No work by Bernard-Marie Koltès is a comfortable read. Here we have a sixty-three page play, or short 'story' (a questionable term in this case) which is in effect a monologue by an unnamed narrator to an unnamed and unknown person. There is just one sentence, punctuated by commas, dashes, and occasionally parentheses.
A man, possibly drunk or sobering up, possibly maddened by loneliness or fear or any other emotion, waylays another person (called by the familiar 'tu') and tries to prevent him passing by his breathless talking. The reader can have few ideas of the man's age, even of his background, although he speaks in slang, and often speaks of events in the past, recent or distant.
We can perhaps surmise that the place is Paris as the man speaks of the métro and of many bridges. He is out of work, has very little money now because he has just been robbed on the métro, helpless to shout for help because (this piece was written in 1977) his attackers have called him a 'queer'.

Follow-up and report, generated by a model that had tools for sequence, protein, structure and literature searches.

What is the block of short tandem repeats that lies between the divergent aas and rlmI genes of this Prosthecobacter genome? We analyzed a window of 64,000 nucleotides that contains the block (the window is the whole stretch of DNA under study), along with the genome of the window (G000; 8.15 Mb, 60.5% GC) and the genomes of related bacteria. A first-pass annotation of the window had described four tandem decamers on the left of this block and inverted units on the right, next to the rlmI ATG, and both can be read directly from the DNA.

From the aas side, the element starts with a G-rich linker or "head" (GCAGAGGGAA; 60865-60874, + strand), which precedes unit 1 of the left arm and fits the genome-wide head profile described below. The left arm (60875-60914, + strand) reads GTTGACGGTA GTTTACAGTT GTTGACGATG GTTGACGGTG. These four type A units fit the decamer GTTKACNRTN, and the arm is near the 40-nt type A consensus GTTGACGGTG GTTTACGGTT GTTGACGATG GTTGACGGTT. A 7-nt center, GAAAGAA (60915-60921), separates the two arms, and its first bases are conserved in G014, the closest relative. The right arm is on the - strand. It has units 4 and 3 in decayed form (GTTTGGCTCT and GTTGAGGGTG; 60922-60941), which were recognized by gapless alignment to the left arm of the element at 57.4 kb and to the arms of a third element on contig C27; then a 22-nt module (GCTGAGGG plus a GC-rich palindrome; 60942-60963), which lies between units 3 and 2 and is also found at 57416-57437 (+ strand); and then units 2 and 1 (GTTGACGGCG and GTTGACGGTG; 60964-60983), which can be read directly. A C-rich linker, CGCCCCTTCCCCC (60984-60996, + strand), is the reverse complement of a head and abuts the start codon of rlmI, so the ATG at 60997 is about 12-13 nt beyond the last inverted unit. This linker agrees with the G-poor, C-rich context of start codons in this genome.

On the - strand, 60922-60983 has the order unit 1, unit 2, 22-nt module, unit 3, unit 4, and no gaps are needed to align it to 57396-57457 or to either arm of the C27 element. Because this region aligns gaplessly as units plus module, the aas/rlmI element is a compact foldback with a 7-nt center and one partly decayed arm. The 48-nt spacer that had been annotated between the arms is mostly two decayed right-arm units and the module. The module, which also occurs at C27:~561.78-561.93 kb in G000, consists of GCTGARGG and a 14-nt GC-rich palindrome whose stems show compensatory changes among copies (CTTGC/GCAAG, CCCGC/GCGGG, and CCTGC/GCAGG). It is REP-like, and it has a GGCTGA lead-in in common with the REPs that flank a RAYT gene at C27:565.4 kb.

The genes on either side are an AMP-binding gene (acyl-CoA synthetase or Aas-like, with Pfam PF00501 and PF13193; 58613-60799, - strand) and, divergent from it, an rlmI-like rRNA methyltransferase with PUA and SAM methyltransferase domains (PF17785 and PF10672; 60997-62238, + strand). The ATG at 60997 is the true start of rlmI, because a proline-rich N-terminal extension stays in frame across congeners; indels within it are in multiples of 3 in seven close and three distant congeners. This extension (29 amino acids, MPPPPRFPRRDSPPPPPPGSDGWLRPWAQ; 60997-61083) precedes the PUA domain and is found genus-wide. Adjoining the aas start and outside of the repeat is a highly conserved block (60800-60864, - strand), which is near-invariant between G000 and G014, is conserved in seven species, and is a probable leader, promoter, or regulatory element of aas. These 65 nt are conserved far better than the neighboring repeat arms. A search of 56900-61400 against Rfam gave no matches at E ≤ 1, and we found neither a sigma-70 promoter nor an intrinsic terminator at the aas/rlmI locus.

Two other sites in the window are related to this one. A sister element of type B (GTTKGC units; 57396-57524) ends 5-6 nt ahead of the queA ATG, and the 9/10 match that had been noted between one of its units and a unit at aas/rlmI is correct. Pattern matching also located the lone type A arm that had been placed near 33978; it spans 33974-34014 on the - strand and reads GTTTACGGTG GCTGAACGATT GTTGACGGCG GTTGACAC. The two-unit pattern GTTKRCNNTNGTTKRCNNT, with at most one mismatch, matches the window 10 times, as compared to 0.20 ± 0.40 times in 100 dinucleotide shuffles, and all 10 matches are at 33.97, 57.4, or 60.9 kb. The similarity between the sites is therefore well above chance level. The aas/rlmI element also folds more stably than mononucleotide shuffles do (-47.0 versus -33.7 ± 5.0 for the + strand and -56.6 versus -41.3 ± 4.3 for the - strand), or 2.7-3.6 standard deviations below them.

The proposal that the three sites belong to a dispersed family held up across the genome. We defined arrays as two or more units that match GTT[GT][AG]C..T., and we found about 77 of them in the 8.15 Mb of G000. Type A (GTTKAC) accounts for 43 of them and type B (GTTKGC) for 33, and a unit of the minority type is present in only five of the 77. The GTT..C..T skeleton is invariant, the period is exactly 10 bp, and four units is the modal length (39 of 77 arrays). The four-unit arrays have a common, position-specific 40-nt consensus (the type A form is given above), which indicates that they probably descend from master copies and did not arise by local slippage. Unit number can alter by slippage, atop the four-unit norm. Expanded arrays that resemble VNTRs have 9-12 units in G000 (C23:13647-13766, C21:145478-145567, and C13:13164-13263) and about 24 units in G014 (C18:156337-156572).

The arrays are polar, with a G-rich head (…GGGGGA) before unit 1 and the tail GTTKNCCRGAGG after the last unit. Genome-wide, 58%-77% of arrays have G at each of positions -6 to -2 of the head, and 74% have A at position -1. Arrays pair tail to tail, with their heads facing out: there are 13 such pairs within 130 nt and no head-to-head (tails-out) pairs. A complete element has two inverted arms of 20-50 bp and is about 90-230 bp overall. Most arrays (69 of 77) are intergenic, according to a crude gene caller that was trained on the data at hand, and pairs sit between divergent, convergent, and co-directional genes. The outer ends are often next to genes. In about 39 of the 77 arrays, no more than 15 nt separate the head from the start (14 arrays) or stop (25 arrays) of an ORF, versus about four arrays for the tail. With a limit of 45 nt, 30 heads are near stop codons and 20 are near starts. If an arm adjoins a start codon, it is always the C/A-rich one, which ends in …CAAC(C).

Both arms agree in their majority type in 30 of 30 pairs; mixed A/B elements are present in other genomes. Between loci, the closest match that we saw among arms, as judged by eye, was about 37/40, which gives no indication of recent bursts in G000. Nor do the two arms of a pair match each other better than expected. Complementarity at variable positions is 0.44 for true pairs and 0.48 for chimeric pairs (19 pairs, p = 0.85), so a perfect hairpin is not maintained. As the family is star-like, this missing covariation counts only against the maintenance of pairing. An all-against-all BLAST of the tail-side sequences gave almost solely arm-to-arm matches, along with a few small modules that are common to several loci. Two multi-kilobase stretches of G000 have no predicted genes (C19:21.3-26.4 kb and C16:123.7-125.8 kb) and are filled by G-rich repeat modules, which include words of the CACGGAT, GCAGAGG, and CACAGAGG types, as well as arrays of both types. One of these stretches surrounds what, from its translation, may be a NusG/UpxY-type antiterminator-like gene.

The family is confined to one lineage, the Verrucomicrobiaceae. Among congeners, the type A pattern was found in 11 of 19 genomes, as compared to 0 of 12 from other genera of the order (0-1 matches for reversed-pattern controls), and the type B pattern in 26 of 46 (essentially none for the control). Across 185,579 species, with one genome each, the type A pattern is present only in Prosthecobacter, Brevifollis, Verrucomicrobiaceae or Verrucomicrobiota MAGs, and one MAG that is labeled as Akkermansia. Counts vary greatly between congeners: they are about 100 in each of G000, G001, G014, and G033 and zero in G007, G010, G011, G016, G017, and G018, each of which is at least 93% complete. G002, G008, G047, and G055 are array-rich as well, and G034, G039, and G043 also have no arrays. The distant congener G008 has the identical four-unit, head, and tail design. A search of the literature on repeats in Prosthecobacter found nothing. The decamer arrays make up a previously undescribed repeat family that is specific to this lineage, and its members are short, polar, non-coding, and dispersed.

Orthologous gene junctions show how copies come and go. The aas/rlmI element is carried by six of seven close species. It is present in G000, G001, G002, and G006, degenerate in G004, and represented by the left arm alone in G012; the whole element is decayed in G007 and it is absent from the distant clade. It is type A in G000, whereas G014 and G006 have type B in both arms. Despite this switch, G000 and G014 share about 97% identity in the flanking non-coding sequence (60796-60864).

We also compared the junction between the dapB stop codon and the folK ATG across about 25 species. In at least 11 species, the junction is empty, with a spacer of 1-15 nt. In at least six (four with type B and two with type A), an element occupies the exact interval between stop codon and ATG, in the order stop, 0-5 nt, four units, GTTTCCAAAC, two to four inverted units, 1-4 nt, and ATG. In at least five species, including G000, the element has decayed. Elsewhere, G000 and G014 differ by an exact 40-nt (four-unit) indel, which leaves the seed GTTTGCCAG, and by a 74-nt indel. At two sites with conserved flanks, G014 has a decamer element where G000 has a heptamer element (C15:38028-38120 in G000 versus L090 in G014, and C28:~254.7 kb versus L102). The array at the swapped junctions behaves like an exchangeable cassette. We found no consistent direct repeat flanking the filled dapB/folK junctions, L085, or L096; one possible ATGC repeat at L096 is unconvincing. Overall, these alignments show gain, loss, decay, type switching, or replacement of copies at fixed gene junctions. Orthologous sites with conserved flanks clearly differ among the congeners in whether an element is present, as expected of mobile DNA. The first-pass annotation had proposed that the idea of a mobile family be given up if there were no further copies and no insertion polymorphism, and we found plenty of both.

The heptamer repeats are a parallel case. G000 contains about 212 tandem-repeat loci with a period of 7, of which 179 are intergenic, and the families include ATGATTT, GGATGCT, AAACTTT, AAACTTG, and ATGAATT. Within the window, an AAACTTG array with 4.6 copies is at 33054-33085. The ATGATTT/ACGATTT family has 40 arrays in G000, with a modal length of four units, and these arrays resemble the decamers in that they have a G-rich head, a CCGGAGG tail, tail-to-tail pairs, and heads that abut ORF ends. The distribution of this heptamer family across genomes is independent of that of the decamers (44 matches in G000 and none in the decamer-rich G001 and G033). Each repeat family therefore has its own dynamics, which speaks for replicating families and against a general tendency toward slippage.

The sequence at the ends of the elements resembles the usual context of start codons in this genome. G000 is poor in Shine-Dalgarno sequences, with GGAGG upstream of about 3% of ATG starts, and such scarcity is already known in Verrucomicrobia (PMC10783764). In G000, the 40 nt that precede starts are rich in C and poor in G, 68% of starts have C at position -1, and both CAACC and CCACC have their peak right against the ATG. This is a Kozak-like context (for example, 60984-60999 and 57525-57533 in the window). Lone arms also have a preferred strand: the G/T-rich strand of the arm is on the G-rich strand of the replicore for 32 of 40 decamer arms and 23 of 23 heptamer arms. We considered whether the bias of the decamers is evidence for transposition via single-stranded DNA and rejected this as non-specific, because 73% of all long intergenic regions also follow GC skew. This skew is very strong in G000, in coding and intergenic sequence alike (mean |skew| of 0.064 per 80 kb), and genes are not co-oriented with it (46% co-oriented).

But he tells his listener that he's not 'a queer', that's not his reason for stopping him, he wants to sober up, or spend some time talking. And he talks of prostitutes, of women he's known (and a particular one he's had sex with on a bridge), of wanting to buy the other person a coffee: anything to shrug off the fear, the despair, the agony of being for a short time. Comforting read, no, but quite fascinating, outsider writing par excellence.
My other Bernard-Marie Koltès posts:
Bernard-Marie Koltès: Quai ouest
Bernard-Marie Koltès: Sallinger
Bernard-Marie Koltès: La Fuite à cheval très loin dans la ville
Bernard-Marie Koltès: Dans la solitude des champs de coton | In the Solitude of Cotton Fields